Baby dolls, the Disney Channel and jump-rope, double-dutch style - Nathalia Rosario's world of hobbies was a universe away from her reality yesterday inside Philadelphia Family Court.
Nathalia, who became a teenager in October, stood in her school uniform in front of Judge Amanda Cooperman facing felony drug charges. After 30 minutes of testimony and procedure, Cooperman found Nathalia not guilty of the crimes.
Afterward, in the waiting area, appearing almost wild with joy, she fiercely hugged her mother, sister and other relatives and a neighbor.
Later, after taking a test at her school, Mariana Bracetti Academy Charter, Nathalia said succinctly of the judge's verdict:
"I was happy."
Even before yesterday's ruling, Nathalia's family, members of the North Philadelphia Latino community and even some police officers had questioned the procedures behind her Nov. 3 arrest and the charges involved.
In interviews with the Daily News, Nathalia and several relatives had said that she never should have been charged.
Meanwhile, the police Internal Affairs Bureau has launched an investigation into Nathalia's arrest, on Hope Street near Lehigh Avenue, by the Narcotics Strike Force, spokesman Lt. Raymond Evers said yesterday.
"When it's done, we'll make a statement," Evers said of the investigation, which a source said began Nov. 29.
Nathalia and her family say that police never read her her Miranda rights or asked her mother for permission to question her, and that she was taken from her Fairhill home to a nearby parking lot, where she was interrogated for nearly two hours, instead of to division headquarters, where juvenile suspects are supposed to be taken when arrested.
Nathalia was one of eight people arrested Nov. 3 in a drug sweep in the neighborhood, according to a police report obtained by the Daily News.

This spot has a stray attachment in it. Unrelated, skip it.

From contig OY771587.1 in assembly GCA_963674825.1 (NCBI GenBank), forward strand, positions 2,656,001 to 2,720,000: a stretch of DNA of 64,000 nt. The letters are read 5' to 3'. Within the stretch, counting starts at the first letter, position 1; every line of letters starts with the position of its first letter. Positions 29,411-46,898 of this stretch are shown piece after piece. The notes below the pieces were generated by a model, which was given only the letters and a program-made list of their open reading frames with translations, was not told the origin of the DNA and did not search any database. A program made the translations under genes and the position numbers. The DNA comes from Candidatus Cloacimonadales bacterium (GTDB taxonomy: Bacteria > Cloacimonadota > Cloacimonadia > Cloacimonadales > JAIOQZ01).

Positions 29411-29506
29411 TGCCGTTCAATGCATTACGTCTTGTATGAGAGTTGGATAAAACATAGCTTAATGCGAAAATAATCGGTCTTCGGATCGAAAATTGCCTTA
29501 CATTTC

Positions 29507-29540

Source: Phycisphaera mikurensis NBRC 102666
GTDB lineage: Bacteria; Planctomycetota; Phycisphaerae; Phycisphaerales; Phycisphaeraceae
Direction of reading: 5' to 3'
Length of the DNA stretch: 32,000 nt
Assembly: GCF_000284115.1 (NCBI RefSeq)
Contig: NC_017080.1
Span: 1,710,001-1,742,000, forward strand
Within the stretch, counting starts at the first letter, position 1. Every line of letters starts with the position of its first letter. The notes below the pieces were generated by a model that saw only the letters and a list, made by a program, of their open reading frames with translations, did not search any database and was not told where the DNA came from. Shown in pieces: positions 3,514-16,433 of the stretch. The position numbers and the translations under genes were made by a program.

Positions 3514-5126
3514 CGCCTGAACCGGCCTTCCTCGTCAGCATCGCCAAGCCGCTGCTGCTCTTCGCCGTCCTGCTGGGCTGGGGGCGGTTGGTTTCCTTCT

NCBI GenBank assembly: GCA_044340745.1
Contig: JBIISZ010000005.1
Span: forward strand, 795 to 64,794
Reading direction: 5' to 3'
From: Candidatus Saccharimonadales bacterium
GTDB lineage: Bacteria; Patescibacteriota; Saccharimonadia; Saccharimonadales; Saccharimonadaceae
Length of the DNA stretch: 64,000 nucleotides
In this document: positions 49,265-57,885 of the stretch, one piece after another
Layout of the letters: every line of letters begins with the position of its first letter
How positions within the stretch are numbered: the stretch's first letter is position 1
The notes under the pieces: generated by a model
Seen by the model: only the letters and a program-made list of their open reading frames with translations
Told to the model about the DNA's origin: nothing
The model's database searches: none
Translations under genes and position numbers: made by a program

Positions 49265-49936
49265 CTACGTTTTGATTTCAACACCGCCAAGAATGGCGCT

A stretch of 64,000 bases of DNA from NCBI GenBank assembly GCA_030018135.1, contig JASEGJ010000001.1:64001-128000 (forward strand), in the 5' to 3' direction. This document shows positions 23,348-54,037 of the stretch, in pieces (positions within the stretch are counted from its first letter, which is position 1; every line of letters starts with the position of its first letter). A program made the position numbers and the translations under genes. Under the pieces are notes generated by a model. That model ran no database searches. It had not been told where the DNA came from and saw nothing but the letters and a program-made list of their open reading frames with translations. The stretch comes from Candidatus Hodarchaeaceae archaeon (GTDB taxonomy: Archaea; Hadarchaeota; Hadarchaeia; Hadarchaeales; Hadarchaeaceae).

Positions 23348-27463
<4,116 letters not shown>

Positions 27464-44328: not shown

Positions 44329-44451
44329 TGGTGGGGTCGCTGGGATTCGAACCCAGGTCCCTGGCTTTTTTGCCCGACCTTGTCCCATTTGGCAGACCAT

She was charged with criminal conspiracy, drug possession and possession with intent to deliver, Evers said.
Nathalia and her family maintain that she was inside her house, asleep on a couch with the "Wizards of Waverly Place" on the Disney Channel. Her mother, Michelle Perez, said that she woke her up about 5:25 p.m. to leave for dinner at Michelle's mother's house nearby. Her mother's phone records show that a one-minute call was made to Perez's cell phone at 5:24 p.m.
Her family maintains that the only reason that she was arrested was that she was wearing a pink jacket.
The police investigation report says that about 5:20 p.m., a youth "met with a Hispanic male wearing a pink jacket (later identified as Nathalia Rosario) . . . [and] handed Rosario the bundled newspaper. Rosario then walked northbound approximately three houses and entered a house."
Nathalia Rosario was arrested on the block about 5:50 p.m., according to the police report.
When Nathalia and her sister Alondra Agosto, 14, arrived home that day, they changed out of their school uniforms into everyday clothing, they said.
Nathalia said that she chose a pink hoodie and turned on the TV in the first-floor living room, eventually falling asleep on the couch.
After Perez woke her up and the family got ready to head to Perez's mother's house a mile away for dinner, at least three police cars suddenly appeared on narrow Hope Street, relatives said.
As Nathalia walked toward a friend to ask what was going on, a female police officer asked her, "Did you just enter that house?" pointing to the small rowhouse that she had just exited.
"No," Nathalia answered, "I just came out of it."
A couple of minutes later, while she talked with the neighborhood friend, Nathalia said, she heard: " 'Grab her, grab her, grab her! The one in the pink!' And they grabbed me."
According to a police document read at a court hearing Nov. 4, "a male in a pink jacket" received a package of drugs, according to Perez and a Police Department source with knowledge of the document. That "male" was later identified as Nathalia, according to the source.
When Perez was confronted with the accusations by police, she begged arresting officers to search her home for the narcotics. They declined, she said, citing the time that it would take to obtain a search warrant.
"I feel much better," Perez said in an interview after yesterday's verdict. "I want to talk to and let him know the way they do things can ruin lives."
Earlier, Perez had made one thing very clear: "If I knew my daughter was involved in that, I would let her stay in there [jail]. I'm not playing. I would call the cops myself."